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Friday, November 17, 2017 by Jo Clifton

Audit: City lacks system to track fee waivers

Some city departments are doing a good job of tracking fees they waive, while others fail to track those fees or do so inconsistently, according to a report that Office of the City Auditor staff presented at the City Council Audit and Finance Committee meeting on Wednesday.

As a result, auditors could only estimate that the city waived at least $16 million in fees in Fiscal Year 2015-16.

In addition, auditors noted that city staff is “not using the city permitting system for properly recording the fee waivers and there is lack of consistency on how waivers are captured in the system.”

After conducting a survey of 26 city departments that charge fees, auditors found that 13 of those departments waive certain fees. “However, information we received from other sources indicates that more than 13 departments may grant fee waivers,” according to the audit.

Nine departments were able to provide audit staff with fee waiver data, two departments offered partial fee waiver data and two departments told auditors that they simply do not track fee waivers.

One of those departments, Neighborhood Housing and Community Development, could not give the auditors information on how much money was being spent for fee waivers for SMART housing. However, auditors estimated that the city had waived at least $3 million in fees in FY 2015-16 for that program.

In response to questions from Mayor Steve Adler, City Auditor Corrie Stokes explained that although the housing department administers the fee waiver program for SMART housing, other departments actually waive the fees.

Auditors noted that in 2002 and 2015, city audits recommended that someone at the city keep track of the SMART housing waivers, but that has yet to happen.

Interim Assistant City Manager Joe Pantalion said five different departments waive fees for the program. The audit states that of those five departments, only three have a process for identifying fees waived for SMART housing, but it does not identify any of the departments.

Rosie Truelove, director of the housing department, told the Austin Monitor that the five departments are Development Services, Austin Water Utility, Parks and Recreation, Austin Energy and Planning and Zoning. Truelove has been with the department only for a little over a year.

Pantalion pointed out that in its response to the audit, city management stated that the Budget Office will develop a system for tracking waived fees within the city’s existing financial system and informing the departments of that process. That task is supposed to be completed by the end of April 2018.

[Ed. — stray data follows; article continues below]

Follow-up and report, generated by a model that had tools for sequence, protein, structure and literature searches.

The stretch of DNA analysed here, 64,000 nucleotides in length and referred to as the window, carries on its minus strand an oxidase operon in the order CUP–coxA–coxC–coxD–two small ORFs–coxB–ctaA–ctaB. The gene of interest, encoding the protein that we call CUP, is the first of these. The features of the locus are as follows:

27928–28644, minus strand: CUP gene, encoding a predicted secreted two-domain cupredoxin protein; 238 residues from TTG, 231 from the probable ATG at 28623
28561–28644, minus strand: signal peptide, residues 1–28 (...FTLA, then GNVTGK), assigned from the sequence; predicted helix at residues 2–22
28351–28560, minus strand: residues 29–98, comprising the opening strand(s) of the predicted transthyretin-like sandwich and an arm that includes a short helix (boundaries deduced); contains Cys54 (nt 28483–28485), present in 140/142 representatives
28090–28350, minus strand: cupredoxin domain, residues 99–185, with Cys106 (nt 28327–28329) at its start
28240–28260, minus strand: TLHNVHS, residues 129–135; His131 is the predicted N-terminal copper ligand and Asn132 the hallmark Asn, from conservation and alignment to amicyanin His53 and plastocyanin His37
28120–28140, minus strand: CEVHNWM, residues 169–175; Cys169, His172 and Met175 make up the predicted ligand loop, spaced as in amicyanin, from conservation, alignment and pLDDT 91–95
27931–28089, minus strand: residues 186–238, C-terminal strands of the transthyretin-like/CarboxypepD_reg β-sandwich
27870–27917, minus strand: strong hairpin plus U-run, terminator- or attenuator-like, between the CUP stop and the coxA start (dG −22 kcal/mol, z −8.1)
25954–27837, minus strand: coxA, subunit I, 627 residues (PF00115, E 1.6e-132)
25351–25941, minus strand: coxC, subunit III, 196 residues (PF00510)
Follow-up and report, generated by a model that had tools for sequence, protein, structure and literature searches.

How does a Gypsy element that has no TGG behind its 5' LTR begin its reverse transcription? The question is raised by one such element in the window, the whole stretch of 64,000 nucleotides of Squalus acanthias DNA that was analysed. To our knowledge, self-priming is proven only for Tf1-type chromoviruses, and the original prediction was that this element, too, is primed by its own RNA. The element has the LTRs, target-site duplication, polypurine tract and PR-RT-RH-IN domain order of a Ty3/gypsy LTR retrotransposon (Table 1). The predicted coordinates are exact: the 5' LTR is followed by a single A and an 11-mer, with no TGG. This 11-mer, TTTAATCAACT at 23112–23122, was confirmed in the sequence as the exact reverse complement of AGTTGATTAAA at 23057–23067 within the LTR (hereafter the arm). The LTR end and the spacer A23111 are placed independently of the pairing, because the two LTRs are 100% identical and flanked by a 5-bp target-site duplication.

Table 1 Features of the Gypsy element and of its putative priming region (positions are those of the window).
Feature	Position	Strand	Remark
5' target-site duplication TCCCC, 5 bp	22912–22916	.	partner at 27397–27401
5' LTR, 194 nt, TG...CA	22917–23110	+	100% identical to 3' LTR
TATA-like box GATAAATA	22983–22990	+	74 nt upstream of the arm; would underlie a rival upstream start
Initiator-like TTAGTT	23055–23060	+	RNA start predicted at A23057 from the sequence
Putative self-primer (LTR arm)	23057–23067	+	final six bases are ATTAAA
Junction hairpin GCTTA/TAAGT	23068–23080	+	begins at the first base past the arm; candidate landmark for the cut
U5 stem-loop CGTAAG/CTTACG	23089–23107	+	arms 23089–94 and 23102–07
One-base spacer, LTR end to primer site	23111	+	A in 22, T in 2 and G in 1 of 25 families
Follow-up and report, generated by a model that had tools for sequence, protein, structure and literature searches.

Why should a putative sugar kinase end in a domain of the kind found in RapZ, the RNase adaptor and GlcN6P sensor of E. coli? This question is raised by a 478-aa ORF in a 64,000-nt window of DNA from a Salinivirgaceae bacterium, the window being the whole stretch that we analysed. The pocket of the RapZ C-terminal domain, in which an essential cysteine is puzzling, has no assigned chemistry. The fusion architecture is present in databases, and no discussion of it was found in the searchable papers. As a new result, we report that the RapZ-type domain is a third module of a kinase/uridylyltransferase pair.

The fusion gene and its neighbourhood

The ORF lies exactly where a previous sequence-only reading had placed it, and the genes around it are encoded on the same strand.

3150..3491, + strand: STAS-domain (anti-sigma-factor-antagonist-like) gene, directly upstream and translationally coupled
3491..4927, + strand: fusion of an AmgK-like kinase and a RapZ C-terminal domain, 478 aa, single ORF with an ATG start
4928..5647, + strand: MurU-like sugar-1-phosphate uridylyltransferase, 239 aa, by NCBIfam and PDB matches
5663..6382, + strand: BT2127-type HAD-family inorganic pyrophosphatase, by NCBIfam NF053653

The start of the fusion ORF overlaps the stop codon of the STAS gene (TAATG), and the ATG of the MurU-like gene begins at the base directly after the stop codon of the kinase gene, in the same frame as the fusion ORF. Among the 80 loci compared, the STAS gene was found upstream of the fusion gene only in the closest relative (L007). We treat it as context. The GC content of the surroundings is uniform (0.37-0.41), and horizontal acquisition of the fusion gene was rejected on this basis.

In addition, management agreed with the auditors’ conclusion that the departments should coordinate with the Budget Office and the city departments that waive fees to track and report on fees waived for affordable housing programs. But management proposed to implement that recommendation on Nov. 15, 2018 exactly one year from the date of the meeting.

Council Member Ellen Troxclair, who chairs the committee, questioned Interim Chief Financial Officer Greg Canally about city management’s ability to address the problems raised by the current audit in light of management’s failure to remedy those same problems as pointed out by 2002 and 2015 audits.

Canally assured her that Interim City Manager Elaine Hart “has made clear that we need to get this worked on and that the resources will be put in place to address these, and I think part of that effort will be looking back” to see what happened when recommendations from the 2015 audit were not implemented.

Troxclair turned to Stokes and asked if the auditors can do a follow-up audit next year to make sure that the recommendations have been implemented, and Stokes replied, “Sure.”

Although it was not a focus of Wednesday’s questioning, auditors also reported in their audit that the city waived an estimated $1.28 million for special events in FY 2015-16. The Austin Center for Events is working on an automated system for tracking special event permits and associated fee waivers and expects the system to “go live in 2018.” Auditors noted that the process used by the Austin Center for Events to track fee waivers from multiple departments may help the city to get a consistent idea about the costs related to co-sponsored special events.

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Photo by John Flynn.

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Office of the City Auditor: This city department is created by the city's charter in order to establish and ensure "accountability transparency, and a culture of continuous improvement in city operations."

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